The Asian Shore Crab was enough of an issue in New England to be the focus of a lengthy marine biology project in 2004, and the Internet is still teeming with articles on the problem today. Clearly, though admirable efforts are being made to stave off the problems that this crab is causing, the struggle is far from over. Hopefully future endeavors will be effective, or at least we can try to keep new invasive species from arriving on our shores2.

Works Cited

1. Narragansett Bay Research Reserve Coastal Training Program. “Hemigrapsus sanguineus”.
The Rhode Island Marine and Estuarine Invasive Species Site, 2010, http://www.ri.meis.org/species/hemigrapsus.html.

2. Herbosa, Christian. “The Story of the Invasive Asian Shore Crab.”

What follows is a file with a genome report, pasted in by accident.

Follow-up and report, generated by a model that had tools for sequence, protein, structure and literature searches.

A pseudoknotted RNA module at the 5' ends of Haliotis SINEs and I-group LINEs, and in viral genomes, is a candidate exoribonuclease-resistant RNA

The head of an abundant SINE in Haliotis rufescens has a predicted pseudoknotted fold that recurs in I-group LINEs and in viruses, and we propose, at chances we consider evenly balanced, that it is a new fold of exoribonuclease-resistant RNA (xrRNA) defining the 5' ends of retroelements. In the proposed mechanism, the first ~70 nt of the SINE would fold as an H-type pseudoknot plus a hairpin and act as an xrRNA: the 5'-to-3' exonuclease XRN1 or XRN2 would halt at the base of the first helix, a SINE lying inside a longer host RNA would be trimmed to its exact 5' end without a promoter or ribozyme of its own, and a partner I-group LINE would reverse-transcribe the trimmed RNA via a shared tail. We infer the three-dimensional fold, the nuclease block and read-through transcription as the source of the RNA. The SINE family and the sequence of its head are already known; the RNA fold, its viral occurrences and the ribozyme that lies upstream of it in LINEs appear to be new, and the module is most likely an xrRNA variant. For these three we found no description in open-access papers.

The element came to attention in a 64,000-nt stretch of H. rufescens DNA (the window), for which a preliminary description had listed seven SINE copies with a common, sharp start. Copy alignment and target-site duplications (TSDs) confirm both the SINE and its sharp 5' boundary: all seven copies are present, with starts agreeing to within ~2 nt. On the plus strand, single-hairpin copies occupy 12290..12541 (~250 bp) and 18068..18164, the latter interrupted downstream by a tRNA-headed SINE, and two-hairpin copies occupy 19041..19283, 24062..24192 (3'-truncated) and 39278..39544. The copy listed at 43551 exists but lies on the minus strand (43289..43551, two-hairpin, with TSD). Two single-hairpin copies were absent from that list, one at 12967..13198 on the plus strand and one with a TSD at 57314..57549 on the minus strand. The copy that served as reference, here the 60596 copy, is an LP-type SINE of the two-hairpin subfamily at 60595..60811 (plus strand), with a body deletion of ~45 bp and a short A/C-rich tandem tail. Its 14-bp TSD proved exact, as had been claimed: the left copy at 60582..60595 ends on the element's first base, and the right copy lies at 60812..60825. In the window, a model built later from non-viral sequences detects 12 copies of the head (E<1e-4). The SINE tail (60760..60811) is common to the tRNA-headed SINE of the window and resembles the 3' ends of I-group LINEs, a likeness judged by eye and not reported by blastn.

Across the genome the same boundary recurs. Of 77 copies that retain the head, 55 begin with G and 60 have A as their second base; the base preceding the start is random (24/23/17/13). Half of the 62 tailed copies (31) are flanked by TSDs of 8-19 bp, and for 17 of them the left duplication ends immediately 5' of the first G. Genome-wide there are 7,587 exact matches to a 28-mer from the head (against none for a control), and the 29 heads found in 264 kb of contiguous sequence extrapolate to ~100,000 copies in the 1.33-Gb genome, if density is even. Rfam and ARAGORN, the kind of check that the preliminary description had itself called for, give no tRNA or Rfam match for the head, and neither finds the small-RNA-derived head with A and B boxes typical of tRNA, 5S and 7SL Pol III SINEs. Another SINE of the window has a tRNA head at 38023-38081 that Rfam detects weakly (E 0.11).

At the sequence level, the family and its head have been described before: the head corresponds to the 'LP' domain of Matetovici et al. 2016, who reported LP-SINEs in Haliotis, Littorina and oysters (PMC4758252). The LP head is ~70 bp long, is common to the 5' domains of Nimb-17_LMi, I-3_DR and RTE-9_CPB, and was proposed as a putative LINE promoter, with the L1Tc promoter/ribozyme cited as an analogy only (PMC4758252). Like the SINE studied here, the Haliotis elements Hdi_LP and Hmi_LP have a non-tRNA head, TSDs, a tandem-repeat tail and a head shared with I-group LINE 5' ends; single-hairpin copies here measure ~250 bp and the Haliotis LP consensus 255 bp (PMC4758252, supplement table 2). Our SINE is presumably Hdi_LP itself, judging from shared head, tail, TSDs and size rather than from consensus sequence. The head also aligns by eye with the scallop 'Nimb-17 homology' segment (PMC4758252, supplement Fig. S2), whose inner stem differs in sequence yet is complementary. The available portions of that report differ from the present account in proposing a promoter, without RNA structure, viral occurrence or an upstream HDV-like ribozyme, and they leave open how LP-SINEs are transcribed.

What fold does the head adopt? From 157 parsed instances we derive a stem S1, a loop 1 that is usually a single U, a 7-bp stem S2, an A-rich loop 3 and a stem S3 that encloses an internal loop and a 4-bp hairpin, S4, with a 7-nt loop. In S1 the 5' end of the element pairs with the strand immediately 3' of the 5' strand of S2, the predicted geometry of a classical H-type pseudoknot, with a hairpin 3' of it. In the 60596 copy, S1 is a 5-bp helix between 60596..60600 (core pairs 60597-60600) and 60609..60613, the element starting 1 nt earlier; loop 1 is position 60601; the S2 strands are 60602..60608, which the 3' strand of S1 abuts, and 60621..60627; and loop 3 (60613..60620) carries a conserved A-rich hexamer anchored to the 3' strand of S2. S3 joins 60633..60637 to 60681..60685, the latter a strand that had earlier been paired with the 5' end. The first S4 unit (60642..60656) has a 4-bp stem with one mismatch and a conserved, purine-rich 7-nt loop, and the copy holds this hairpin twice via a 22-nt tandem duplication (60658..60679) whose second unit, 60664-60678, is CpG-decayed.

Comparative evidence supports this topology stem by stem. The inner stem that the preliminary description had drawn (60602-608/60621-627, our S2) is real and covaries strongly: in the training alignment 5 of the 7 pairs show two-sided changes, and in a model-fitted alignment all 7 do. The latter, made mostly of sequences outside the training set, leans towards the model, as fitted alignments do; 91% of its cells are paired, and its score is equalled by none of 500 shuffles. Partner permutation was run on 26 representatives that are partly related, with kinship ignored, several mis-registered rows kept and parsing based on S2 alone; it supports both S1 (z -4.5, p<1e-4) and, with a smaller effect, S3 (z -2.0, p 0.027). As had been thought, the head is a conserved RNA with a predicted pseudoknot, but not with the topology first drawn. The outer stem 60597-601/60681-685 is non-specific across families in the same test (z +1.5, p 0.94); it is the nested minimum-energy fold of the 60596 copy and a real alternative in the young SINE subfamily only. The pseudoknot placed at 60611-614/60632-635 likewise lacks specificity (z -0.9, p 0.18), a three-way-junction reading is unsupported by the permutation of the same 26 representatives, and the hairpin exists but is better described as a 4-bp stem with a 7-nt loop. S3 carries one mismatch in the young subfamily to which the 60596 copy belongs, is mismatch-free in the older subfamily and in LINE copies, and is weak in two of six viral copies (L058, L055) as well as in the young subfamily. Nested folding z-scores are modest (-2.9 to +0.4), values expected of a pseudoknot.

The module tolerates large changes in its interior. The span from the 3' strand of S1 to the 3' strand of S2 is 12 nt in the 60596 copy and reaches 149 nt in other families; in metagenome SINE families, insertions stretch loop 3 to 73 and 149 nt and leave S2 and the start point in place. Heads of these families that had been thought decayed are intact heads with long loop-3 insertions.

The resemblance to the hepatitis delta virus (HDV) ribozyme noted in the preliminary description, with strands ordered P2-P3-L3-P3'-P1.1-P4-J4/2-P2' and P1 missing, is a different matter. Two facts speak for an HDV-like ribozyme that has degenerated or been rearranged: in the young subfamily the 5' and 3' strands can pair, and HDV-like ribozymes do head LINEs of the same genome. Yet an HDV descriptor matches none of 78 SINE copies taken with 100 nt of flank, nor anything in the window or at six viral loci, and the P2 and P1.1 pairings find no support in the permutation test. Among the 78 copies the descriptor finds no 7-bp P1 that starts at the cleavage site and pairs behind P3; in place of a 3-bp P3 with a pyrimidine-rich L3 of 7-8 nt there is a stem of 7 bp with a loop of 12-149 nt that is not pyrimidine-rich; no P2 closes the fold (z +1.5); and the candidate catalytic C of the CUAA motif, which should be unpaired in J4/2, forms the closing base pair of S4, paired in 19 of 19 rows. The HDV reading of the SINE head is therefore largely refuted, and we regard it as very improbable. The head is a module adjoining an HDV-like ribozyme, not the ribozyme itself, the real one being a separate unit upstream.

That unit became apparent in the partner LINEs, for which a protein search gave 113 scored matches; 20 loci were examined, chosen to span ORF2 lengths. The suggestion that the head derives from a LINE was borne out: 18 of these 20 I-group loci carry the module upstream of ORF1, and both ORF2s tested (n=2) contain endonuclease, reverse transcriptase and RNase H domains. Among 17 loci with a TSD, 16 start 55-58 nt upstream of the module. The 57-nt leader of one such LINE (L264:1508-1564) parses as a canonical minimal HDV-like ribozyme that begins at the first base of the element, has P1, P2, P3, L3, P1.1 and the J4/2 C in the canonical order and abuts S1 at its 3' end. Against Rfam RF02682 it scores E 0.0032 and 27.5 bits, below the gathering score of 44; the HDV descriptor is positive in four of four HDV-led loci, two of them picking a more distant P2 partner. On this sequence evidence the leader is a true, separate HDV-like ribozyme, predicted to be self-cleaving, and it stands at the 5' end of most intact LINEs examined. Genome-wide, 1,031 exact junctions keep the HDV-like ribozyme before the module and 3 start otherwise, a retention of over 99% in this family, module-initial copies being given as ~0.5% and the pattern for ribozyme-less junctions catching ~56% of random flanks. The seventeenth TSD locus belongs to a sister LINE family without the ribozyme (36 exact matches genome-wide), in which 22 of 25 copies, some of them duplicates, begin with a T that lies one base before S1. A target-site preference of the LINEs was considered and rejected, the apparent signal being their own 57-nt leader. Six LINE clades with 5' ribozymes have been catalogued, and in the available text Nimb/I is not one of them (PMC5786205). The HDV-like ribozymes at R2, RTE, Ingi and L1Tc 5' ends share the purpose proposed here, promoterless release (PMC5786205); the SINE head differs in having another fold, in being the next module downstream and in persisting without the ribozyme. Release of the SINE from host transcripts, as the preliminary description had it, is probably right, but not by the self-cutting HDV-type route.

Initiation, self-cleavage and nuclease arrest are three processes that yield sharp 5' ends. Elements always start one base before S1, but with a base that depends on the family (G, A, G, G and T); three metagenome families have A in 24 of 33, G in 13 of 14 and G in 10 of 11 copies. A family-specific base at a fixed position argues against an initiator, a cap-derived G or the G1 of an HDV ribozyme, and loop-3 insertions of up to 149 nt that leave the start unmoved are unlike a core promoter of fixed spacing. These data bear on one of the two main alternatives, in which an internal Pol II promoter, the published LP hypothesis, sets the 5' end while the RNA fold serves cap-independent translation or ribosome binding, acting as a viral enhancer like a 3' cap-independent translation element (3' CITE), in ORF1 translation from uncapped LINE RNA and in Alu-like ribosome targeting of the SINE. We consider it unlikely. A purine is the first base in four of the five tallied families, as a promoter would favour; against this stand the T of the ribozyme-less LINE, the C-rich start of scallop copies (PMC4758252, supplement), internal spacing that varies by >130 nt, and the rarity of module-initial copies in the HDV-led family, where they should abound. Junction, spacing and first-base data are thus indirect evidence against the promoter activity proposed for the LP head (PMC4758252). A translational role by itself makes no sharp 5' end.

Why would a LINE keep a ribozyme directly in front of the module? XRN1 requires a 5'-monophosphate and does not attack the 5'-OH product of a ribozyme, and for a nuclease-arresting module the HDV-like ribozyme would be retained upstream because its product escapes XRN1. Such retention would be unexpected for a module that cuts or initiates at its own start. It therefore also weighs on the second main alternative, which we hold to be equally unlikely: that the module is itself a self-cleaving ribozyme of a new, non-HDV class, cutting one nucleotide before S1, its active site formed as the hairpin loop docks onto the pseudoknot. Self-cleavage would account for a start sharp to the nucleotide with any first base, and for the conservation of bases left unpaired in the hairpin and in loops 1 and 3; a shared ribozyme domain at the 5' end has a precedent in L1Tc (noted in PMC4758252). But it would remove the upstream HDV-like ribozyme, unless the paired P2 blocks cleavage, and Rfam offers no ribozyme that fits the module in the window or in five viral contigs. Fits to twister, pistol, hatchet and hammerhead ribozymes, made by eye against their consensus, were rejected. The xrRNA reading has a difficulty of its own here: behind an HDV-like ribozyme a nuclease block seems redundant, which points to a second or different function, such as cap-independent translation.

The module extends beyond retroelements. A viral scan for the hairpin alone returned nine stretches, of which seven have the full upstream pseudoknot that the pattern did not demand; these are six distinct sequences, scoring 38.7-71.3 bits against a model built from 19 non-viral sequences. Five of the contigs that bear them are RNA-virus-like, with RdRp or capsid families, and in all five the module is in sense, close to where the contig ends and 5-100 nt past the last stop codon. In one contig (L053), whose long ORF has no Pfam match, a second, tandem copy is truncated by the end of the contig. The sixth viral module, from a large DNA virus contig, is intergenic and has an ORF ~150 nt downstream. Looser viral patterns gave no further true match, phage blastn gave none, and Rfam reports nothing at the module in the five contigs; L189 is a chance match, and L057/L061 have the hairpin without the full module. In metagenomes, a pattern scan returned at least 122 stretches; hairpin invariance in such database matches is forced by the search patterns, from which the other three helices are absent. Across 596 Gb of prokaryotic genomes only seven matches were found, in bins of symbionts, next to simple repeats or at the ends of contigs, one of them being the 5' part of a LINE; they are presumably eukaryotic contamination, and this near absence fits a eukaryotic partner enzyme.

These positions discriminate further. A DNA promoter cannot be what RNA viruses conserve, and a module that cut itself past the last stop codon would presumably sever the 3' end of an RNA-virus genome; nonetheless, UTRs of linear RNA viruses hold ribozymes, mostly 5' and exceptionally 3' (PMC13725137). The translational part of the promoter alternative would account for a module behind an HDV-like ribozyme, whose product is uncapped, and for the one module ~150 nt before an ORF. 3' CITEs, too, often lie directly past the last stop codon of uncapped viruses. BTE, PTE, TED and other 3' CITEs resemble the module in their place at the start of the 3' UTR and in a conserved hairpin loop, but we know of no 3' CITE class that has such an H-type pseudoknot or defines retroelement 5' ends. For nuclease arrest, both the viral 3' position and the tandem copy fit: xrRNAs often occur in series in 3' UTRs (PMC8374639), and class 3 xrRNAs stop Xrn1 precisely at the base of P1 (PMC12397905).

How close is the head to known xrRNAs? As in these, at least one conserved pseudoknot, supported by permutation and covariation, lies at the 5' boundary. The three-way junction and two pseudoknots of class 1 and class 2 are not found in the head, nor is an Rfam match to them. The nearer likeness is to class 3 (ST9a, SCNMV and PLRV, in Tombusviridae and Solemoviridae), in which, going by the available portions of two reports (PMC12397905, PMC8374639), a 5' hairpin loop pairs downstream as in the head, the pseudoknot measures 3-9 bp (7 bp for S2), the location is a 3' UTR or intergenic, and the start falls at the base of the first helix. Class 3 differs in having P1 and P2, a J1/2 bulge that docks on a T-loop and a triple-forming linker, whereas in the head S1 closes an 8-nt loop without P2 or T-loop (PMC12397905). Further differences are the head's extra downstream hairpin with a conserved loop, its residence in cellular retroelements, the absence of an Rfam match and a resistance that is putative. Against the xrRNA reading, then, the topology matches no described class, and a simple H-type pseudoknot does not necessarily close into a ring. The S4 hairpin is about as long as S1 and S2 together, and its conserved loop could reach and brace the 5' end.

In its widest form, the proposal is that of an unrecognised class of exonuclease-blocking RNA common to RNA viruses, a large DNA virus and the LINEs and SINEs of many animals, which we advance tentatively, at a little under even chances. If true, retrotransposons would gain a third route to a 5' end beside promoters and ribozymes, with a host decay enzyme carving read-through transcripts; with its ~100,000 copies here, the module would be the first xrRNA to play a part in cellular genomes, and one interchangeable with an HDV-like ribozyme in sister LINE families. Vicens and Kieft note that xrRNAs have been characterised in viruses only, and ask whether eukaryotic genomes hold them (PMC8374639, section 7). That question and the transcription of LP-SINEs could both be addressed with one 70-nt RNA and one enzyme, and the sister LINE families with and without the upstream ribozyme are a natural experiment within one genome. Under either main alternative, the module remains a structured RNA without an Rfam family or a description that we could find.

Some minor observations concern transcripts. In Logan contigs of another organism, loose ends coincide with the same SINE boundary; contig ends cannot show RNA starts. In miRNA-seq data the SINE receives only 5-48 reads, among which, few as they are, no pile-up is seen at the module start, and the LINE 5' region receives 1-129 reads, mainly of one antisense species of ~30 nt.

Sea, Sand, & Sky – Save the Harbor / Save the Bay’s Boston Harbor Blog, 9 May 2014, http://blog.savetheharbor.org/2014/05/the-story-of-invasive-asian-shore-crab.html.

3. “Invasive Species.”
Biology Online Dictionary, 3 October 2005,www.biology-online.org/dictionary/Invasive_species.
Accessed 12 April 2018.

4.”ASIAN SHORE CRAB”.
Eat the Invaders, 17 May 2017, http://eattheinvaders.org/blue-plate-special-asian-shore-crab./
Accessed 13 April 2018.

5. Neira, Maria. “How does Biodiversity loss affect me and everyone else?”.
WWF, 2017, wwf.panda.org/about_our_earth/biodiversity/biodiversity_and_you/.

6. “Definition of BIODIVERSITY”.
Merriam – Webster, 2018, www.merriam-webster.com/dictionary/biodiversity.
Accessed 15 April 2018.

7. Salem Sound Coastwatch. “Hemigrapsus sanguineus“.
GUIDE TO MARINE INVADAERS IN THE GULF OF MAINE,http://www.rimeis.org/species/id_cards/invaders/h_sanguineus.pdf.